Ayahuasca: Welcome to the Work

Ben Lee

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Ayahuasca: Welcome to the Work Review

by James Christopher Monger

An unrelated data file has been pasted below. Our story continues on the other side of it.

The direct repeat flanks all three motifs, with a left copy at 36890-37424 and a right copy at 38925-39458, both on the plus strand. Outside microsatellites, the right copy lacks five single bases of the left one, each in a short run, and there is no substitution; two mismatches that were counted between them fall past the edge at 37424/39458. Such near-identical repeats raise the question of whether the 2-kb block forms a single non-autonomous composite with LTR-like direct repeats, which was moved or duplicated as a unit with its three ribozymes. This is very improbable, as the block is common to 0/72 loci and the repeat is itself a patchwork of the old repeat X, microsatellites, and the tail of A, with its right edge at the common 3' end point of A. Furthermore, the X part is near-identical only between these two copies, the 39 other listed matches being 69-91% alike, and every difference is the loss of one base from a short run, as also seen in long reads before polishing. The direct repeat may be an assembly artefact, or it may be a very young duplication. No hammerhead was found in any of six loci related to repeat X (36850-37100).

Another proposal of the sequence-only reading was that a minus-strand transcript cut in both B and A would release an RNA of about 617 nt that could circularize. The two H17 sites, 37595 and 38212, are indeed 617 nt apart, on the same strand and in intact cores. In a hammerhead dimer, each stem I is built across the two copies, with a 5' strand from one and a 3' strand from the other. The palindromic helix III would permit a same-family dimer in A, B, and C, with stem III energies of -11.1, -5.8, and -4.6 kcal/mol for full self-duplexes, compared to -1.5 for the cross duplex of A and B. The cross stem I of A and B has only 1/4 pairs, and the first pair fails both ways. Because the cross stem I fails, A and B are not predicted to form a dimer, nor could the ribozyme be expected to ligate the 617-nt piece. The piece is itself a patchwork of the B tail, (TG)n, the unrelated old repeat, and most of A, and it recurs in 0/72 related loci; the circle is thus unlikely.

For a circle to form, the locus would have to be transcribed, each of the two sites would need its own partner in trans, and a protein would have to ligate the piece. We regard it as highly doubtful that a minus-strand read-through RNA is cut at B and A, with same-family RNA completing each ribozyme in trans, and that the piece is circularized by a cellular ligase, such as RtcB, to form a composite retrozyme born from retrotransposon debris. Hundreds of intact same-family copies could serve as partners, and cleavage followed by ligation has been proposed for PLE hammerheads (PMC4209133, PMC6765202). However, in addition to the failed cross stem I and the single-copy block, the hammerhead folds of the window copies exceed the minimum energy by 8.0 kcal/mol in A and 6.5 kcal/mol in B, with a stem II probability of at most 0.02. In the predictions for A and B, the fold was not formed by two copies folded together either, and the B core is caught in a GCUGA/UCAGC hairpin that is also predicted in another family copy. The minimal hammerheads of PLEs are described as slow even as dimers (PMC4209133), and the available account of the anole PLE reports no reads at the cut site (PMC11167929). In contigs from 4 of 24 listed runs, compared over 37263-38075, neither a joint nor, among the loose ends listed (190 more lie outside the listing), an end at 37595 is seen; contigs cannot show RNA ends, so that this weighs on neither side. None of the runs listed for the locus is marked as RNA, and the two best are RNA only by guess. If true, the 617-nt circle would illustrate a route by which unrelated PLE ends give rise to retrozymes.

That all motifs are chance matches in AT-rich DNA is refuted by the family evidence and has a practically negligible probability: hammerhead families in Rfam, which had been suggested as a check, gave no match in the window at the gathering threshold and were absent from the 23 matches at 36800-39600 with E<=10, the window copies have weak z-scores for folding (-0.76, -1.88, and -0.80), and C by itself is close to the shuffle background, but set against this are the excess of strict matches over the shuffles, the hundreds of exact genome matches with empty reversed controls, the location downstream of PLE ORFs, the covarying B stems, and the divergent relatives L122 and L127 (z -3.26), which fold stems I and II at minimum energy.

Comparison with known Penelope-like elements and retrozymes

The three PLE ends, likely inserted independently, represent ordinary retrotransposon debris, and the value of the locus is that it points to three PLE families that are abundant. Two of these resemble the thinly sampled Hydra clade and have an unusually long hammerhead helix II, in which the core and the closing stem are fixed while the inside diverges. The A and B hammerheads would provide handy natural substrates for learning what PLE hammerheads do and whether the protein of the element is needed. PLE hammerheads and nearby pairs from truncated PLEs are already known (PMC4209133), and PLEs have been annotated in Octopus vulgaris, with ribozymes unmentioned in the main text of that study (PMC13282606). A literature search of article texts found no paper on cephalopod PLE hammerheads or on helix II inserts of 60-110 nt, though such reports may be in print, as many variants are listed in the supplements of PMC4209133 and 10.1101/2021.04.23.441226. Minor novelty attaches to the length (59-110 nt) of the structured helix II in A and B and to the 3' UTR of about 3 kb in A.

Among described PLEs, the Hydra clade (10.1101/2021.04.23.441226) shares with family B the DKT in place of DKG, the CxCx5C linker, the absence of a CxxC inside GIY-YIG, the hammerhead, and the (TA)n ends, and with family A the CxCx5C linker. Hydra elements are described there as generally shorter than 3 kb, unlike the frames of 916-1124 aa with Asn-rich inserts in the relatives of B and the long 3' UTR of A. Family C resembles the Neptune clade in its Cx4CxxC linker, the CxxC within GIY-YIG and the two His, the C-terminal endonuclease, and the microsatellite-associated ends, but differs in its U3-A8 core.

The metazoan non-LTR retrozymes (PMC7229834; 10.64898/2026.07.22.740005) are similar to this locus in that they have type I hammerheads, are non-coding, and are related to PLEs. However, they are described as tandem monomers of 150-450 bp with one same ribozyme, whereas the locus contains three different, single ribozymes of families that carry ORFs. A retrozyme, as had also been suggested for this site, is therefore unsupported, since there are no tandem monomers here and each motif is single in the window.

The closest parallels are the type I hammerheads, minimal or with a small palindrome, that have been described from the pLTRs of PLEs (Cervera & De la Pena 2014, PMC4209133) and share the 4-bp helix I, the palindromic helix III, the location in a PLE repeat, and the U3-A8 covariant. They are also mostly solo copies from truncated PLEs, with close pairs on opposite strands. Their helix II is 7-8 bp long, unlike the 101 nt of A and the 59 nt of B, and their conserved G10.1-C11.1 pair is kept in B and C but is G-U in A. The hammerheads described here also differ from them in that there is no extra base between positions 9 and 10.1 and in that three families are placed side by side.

Ben Lee's ninth studio outing pretty much lays out its mission statement in the title. Like 2011's Deeper Into Dream, which drew its inspiration from the Aussie alt-rocker's three years of dream analysis therapy, Ayahuasca: Welcome to the Work finds the former Noise Addict frontman once again ditching the familiar architectures of rock & roll, this time for the cosmic adages of worldbeat and folk-infused spiritual awakening. Built around his experiences with the peyote-esque, South American-based psychoactive brew from which the album gets its name and featuring guest vocals from the project’s co-creator Argentinian-Australian actress and musician Jessica Chapnik Kahn, Welcome to the Work establishes early on that the shamanistic ritual drinking of the infusion had a deeply profound effect on Lee, prompting a passionate manifesto on the back jacket in support of its spiritual potential and instructions for planting the biodegradable cover which is embedded with wildflower seeds. Ayahuasca offers up a heady blend of layered, Smile-era Beach Boys melodiousness ("I Am What I Am"), pastoral meditations that border on the downright monastic ("Invocation"), bright and effervescent bursts of Afro-pop ("Song for Samael"), and Flaming Lips-inspired pseudo-Koan anthems (the dizzying, sampled breath-driven "Welcome to the House of Mystical Death"), all of which are peppered with measured, well-traveled new age platitudes like "Good morning, welcome to being here" and "Hear what can’t be heard in the silence." There is a distinctive, drug-induced haze that permeates most of the album, and Lee and Khan approach each piece with a real openness and warmth that's befitting of the newly awakened, but it’s a far more pop-oriented collection than one would suspect considering the source material.

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